When you were begging for it at 2am and I came by to fuck your brains out, the color of my skin didn’t matter, did it?

Maybe some of you are reading this and thinking, “She’s tripping. I’ve dated women who are completely open to dating someone of the opposite race.” That’s fine, but it doesn’t take away from my experiences.

I’m sick of feeling like I’m not enough. Not black enough. Not white enough. Not skinny enough. Not tall enough. Not femme enough. Not butch enough. Not rich enough.

I grew up in a middle-class family in an affluent neighborhood for most of my life. I never fit into any groups because I wasn’t black enough, and I was never white enough. I still remember kids asking me why I was black. I would say, “I don’t know” as if it was a bad thing.

And as an adult lesbian living in California, despite years of therapy and daily self-affirmations, this feeling has not gone away. Los Angeles is racially segregated, and lesbians mainly hang out with people who look like they do. I have friends who choose to only date women of their race, and I respect that because their happiness is all that matters to me.

The cause of this segregation, in my opinion, is not always about preference. It comes down to rejection. I’ve felt it many times when I go to a club with 90% white lesbians and no one talks to me. Or, when I go up to a group of cute white girls and they eventually walk off after pretending to want to chat with me for a few minutes. This is how segregation happens, y’all. This is why people become suspicious of other races, y’all. When there is a lack of acceptance and openness, fear wins.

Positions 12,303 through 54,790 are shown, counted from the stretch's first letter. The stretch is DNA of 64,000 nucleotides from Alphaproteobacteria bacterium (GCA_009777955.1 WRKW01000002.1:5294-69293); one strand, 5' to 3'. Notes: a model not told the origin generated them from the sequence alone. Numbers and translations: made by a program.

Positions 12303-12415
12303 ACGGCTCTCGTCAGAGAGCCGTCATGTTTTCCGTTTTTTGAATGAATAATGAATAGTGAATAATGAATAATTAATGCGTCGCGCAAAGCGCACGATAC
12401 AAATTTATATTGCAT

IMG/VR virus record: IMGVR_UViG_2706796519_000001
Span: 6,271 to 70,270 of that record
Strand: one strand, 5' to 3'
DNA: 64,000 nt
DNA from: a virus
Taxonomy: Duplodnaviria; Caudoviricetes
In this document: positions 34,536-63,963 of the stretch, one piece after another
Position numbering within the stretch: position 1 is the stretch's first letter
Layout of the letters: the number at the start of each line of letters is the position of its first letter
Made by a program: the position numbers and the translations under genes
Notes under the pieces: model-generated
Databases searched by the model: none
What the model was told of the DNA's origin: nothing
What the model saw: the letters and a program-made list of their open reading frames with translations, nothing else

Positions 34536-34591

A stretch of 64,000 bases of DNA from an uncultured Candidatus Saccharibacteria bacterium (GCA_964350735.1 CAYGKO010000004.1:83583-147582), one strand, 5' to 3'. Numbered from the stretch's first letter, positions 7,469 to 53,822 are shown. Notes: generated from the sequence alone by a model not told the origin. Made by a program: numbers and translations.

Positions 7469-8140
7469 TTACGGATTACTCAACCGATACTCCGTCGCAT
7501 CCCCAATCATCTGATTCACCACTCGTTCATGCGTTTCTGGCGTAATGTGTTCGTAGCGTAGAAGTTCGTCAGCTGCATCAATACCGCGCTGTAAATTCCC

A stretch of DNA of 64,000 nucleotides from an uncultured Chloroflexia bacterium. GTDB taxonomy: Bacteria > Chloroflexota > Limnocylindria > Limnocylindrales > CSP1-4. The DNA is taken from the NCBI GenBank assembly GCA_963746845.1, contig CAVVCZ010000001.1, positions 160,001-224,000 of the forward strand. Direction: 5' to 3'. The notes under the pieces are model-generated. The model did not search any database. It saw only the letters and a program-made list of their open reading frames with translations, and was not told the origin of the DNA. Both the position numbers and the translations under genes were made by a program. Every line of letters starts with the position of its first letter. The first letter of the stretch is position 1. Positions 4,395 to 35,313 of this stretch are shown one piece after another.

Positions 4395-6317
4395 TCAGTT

When I go to dinner or hang out with a woman of another race, I automatically assume we would never seriously date because of the color of my skin. I’m not saying this to sound like a victim, or in the hopes that you’ll feel bad for me. I’m saying this because it’s how I feel.

When I’m with a few friends of another race and we go to a club, I fade in the background. I always say I like to be alone, but it’s really because I don’t want them to feel obligated to stand next to me; to show others we came together because I’m black and their white. This is a sad time y’all, but these feelings are real.

Let me say this:

The thing that makes me remain so open and hopeful is the woman who changed my life–my stepmother, Jennifer. She is the first person who made me feel like I was enough as a young child. She just happens to be white. And she is married to my father who happens to be black. They are blissfully happy, and I am grateful to witness their love.

So, when I’m talking to my black or white friends who say they don’t date someone of another race, it’s tough. To a certain extent, I get it–there’s cultural understanding, a common ground in many ways, etc. However, I also believe that love is love. And, that goes WAY beyond the color of your skin.

I know the woman who is meant for me–regardless of her race/ethnicity–won’t care about the color of my skin. She will just love me for me.

To all of those women reading this who don’t feel like they are enough, please know that you are. Don’t ever let another human being tell you that you aren’t. If they do, pick up your purse and get the hell out of there. Go talk to someone who will listen and let you cry. Grab a pillow and scream into it until some of the hurt subsides. And always remember:

You. Are. Enough.